Joseph Flynn hears the anxiety in his NIU classroom.
“We have conversations about the institutional violence being perpetrated against black men, and it’s a soulful and challenging intellectual issue,” says Flynn, a professor in the College of Education who also teaches a course on the social philosophy of hip-hop through the Center for Black Studies.
“Whether we’re talking about an unarmed African-American male or female being shot by police or hearing another story about a black child inadvertently killed by a stray bullet on the south side of Chicago,” he adds, “it’s painful to see so many people who look like you being killed.”
Politicians hype statistics of the bloodshed, Flynn says, but he believes many are merely trying to score points with voters rather than fix anything.
“The reality is that sometimes we’re talking about neighborhoods where some of our students grew up,” he says. “This isn’t just about numbers. This is about humanity. These are people’s lives and communities. We need to be more conscious of that, and supportive of these struggles.”
NIU will do that on Wednesday, Oct. 26, when the campus welcomes David Stovall, a professor of educational policy studies and African-American studies at the University of Illinois at Chicago. He will deliver three discussions at NIU. The first will be a noon student leadership talk at the Center for Black Studies on “Sparking Change: Understanding the Role of Students as Activist.” Then in the afternoon, Stovall will talk to College of Education faculty on “Reflection and Action: Engaging Teacher and Student Activism.” And finally, all are invited to a 7 p.m., lecture and Q&A in Cole Hall on “Troubled Waters: Engaging and Understanding Activism in Times of Political and Social Change.” Co-sponsors are the Black Faculty and Staff Association, the Presidential Commission on the Status of Minorities (PCSM), the College of Education and the Center for Black Studies.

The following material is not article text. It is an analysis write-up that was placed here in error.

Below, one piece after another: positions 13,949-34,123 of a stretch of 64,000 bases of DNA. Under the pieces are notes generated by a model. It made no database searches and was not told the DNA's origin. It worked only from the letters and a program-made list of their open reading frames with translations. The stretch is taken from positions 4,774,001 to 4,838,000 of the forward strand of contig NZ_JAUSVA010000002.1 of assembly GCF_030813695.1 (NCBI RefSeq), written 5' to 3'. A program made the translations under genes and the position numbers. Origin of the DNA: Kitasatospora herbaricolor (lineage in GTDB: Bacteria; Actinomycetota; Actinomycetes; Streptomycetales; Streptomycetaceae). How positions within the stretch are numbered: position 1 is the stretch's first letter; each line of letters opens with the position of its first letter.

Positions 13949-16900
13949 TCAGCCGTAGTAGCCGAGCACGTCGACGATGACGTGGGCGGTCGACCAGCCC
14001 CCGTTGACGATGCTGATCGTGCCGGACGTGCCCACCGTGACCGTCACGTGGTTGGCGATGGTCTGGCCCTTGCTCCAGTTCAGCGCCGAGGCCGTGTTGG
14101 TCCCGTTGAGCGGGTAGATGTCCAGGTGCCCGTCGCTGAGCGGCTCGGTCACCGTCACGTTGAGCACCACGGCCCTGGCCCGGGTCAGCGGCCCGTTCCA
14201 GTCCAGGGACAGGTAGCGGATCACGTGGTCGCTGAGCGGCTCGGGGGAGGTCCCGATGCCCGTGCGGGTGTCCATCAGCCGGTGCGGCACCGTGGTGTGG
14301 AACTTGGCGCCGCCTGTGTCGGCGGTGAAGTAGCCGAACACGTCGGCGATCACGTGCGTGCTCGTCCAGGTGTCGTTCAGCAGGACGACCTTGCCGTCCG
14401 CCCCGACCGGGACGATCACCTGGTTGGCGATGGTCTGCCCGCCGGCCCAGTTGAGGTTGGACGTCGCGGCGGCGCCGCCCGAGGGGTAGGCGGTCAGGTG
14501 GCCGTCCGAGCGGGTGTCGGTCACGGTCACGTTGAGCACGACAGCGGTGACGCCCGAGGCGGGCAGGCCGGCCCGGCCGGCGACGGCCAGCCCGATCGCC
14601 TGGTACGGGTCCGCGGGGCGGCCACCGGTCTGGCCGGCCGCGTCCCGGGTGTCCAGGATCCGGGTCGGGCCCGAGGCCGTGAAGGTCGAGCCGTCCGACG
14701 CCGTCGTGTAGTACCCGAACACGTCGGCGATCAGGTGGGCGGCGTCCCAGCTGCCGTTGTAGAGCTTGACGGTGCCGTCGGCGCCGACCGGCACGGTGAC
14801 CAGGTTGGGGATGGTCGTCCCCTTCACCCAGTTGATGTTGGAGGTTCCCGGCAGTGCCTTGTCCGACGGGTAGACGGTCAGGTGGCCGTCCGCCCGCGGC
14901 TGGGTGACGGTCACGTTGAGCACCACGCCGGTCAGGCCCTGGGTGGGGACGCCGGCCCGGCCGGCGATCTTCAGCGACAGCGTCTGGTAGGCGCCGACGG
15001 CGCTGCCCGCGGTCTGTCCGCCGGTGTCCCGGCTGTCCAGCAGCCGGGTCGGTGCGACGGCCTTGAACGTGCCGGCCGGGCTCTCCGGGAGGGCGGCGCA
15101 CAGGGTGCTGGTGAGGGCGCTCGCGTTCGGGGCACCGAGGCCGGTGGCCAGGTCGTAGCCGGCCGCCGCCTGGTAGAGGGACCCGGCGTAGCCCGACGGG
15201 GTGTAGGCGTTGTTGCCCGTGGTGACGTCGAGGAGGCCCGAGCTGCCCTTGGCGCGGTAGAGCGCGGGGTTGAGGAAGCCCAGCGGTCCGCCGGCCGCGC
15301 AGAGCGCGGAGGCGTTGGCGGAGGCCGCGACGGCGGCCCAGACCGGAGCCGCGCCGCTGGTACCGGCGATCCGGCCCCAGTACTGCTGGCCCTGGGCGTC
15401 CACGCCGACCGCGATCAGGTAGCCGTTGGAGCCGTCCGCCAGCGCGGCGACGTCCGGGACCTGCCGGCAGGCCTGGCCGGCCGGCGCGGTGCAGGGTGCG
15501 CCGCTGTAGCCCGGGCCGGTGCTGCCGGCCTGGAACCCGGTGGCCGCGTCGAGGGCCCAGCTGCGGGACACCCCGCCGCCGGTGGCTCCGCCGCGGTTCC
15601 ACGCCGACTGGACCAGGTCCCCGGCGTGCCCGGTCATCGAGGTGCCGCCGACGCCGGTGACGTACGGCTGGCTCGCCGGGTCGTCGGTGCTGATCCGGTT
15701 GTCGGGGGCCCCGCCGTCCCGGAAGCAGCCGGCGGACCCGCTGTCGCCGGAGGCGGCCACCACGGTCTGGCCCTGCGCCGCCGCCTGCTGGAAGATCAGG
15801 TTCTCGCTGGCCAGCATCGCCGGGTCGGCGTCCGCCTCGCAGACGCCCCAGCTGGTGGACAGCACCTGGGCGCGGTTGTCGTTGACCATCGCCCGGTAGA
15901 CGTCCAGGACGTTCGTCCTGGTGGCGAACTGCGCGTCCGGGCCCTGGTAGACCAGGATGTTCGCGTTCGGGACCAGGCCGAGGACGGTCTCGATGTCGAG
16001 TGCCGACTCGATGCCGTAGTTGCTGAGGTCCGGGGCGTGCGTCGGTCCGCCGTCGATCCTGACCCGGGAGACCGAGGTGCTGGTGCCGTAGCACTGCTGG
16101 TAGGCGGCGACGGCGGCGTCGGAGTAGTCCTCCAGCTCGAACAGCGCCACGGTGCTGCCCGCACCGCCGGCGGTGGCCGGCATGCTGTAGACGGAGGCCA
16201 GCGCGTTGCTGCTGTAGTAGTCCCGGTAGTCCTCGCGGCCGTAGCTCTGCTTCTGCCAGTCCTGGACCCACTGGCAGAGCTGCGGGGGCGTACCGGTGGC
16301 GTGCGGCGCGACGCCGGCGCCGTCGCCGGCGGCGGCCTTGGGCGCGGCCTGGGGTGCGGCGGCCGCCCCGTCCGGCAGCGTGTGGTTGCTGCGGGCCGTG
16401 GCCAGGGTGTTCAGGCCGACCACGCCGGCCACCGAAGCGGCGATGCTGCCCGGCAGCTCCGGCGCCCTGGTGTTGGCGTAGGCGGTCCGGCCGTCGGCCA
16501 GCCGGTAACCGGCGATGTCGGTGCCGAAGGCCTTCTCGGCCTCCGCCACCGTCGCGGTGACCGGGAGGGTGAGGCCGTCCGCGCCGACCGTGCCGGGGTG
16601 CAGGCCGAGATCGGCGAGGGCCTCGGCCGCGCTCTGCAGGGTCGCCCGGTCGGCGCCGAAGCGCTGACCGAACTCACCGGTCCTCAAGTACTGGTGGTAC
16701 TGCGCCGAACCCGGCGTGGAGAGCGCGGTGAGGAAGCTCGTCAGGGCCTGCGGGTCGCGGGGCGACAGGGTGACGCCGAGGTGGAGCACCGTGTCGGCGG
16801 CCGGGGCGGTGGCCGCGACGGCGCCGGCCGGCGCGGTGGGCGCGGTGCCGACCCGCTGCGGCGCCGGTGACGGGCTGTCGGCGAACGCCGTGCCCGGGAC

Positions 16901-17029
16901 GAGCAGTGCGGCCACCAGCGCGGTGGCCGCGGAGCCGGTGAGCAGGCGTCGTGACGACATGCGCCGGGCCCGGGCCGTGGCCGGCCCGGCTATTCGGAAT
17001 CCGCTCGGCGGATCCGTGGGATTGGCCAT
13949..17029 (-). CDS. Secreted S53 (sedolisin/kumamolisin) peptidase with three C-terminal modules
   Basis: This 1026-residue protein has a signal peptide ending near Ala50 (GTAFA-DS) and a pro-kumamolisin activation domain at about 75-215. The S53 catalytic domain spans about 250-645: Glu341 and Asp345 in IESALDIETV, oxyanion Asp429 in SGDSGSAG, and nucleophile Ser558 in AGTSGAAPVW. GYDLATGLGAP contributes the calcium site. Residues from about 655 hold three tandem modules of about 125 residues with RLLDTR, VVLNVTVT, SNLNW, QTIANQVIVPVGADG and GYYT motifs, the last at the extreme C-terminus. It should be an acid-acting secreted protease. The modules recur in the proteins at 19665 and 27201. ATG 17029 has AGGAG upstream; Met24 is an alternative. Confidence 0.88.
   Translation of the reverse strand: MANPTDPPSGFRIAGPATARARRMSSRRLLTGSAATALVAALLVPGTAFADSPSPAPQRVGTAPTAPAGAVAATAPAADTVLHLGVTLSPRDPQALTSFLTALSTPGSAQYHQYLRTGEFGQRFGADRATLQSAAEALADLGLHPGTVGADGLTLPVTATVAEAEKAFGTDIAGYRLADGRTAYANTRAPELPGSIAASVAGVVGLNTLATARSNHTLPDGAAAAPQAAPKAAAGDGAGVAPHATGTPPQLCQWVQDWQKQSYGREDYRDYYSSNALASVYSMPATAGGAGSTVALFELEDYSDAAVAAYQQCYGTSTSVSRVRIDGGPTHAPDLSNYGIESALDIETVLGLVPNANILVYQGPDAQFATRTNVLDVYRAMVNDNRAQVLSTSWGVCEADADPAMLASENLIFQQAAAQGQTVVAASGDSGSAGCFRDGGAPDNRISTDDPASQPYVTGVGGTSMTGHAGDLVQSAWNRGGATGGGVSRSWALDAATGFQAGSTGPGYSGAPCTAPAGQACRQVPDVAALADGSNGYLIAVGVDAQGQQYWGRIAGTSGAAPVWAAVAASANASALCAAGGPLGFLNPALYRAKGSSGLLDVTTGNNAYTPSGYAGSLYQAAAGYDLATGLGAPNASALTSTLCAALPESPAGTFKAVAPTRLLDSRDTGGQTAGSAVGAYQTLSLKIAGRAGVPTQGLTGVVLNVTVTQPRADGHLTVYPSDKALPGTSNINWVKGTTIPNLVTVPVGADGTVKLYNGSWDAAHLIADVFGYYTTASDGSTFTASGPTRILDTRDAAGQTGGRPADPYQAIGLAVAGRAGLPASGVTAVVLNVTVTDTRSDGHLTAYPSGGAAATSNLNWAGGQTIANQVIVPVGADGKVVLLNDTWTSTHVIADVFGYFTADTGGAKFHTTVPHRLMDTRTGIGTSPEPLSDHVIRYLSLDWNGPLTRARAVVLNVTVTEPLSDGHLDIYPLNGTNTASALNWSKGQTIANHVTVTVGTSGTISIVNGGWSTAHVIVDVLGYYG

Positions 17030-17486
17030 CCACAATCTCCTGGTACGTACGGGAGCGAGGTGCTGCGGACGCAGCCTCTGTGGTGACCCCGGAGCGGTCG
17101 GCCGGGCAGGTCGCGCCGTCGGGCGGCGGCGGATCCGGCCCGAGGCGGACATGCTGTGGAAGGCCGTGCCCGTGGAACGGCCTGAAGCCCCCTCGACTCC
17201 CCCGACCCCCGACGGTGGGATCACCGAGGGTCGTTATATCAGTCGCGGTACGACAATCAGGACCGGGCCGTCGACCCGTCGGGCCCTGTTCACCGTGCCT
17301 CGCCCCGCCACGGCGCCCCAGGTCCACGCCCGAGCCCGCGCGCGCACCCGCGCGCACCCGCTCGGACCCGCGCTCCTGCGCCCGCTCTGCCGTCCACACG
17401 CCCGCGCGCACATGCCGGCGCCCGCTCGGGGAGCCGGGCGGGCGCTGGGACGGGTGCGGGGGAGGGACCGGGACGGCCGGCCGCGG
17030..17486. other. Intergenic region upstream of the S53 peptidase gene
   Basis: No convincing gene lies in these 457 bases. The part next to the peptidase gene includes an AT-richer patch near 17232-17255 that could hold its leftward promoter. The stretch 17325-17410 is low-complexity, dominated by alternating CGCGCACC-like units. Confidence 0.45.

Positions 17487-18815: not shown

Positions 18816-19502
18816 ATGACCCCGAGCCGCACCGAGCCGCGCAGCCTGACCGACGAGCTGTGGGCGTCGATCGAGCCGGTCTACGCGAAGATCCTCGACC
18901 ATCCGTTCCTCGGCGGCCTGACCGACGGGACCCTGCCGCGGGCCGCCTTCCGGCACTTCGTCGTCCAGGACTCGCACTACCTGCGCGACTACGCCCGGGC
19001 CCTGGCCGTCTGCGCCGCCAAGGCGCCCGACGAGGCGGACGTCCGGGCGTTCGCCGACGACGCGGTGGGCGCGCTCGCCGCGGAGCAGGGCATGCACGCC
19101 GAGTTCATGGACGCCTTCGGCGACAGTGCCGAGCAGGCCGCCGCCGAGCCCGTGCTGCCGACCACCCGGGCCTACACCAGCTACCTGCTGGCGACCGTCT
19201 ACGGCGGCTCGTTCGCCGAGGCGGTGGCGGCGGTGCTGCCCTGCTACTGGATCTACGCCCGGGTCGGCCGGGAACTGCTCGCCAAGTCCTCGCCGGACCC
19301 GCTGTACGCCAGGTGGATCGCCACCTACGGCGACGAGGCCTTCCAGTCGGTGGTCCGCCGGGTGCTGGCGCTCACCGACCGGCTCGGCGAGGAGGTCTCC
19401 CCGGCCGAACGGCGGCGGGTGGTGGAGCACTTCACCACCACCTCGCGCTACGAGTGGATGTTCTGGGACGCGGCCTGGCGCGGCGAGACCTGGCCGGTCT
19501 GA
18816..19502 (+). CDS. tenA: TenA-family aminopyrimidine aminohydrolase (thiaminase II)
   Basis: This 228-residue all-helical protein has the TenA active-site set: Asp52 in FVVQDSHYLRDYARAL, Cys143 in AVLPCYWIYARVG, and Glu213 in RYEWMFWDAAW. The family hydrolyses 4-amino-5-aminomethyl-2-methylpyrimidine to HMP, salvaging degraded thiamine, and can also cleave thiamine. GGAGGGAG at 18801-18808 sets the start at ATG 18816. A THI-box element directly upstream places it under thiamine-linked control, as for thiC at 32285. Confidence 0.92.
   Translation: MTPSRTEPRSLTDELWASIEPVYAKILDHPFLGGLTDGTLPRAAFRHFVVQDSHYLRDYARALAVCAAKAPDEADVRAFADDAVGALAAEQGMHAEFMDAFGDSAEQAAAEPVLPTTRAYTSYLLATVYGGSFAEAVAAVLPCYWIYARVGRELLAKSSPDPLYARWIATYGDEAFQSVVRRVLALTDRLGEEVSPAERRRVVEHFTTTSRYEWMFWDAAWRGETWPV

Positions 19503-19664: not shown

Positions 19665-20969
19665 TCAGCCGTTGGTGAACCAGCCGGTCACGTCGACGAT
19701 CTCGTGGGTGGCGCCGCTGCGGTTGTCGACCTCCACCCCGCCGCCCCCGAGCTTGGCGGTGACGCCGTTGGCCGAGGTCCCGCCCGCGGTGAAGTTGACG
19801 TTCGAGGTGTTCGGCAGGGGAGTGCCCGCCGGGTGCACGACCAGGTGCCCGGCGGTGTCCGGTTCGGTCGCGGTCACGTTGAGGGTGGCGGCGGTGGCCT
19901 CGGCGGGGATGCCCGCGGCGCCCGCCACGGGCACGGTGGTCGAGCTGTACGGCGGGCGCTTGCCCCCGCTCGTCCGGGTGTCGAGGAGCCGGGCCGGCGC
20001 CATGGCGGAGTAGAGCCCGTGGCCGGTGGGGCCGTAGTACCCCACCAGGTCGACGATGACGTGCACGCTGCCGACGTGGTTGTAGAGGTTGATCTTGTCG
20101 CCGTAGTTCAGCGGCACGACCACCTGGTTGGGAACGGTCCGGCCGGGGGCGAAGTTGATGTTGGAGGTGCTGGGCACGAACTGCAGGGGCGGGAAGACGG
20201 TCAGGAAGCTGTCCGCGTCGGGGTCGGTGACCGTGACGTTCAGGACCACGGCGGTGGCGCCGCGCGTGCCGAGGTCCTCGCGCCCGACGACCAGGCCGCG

Felicia Bohanon, director of NIU’s Office of Precollegiate Programs and PSCM chair, calls the timing “critical” as Latinos become the largest-growing population of college-bound high school students.
Universities must become more sensitive to, and engaged with, diverse students, she adds, and Stovall has already has fostered constructive dialogue between African-American and Latino students in Chicago’s Little Village and North Lawndale neighborhoods.
“How can students voice their concerns? How can they be empowered? How can they advocate for themselves and their communities in ways that bring about the results they want?” Bohanon says. “That’s something David will address.”
Flynn calls Stovall “a powerful, honest, vital and uplifting presence.”
“David really knows how to connect, and he knows how to talk about these challenging issues of social justice – like Black Lives Matter, for example – with a level of honesty and gravity that’s often missing from these conversations,” Flynn says. “When our students see him, they will understand they can be erudite, they can be knowledgeable, they can be very true to themselves and they can be an effective force for change.”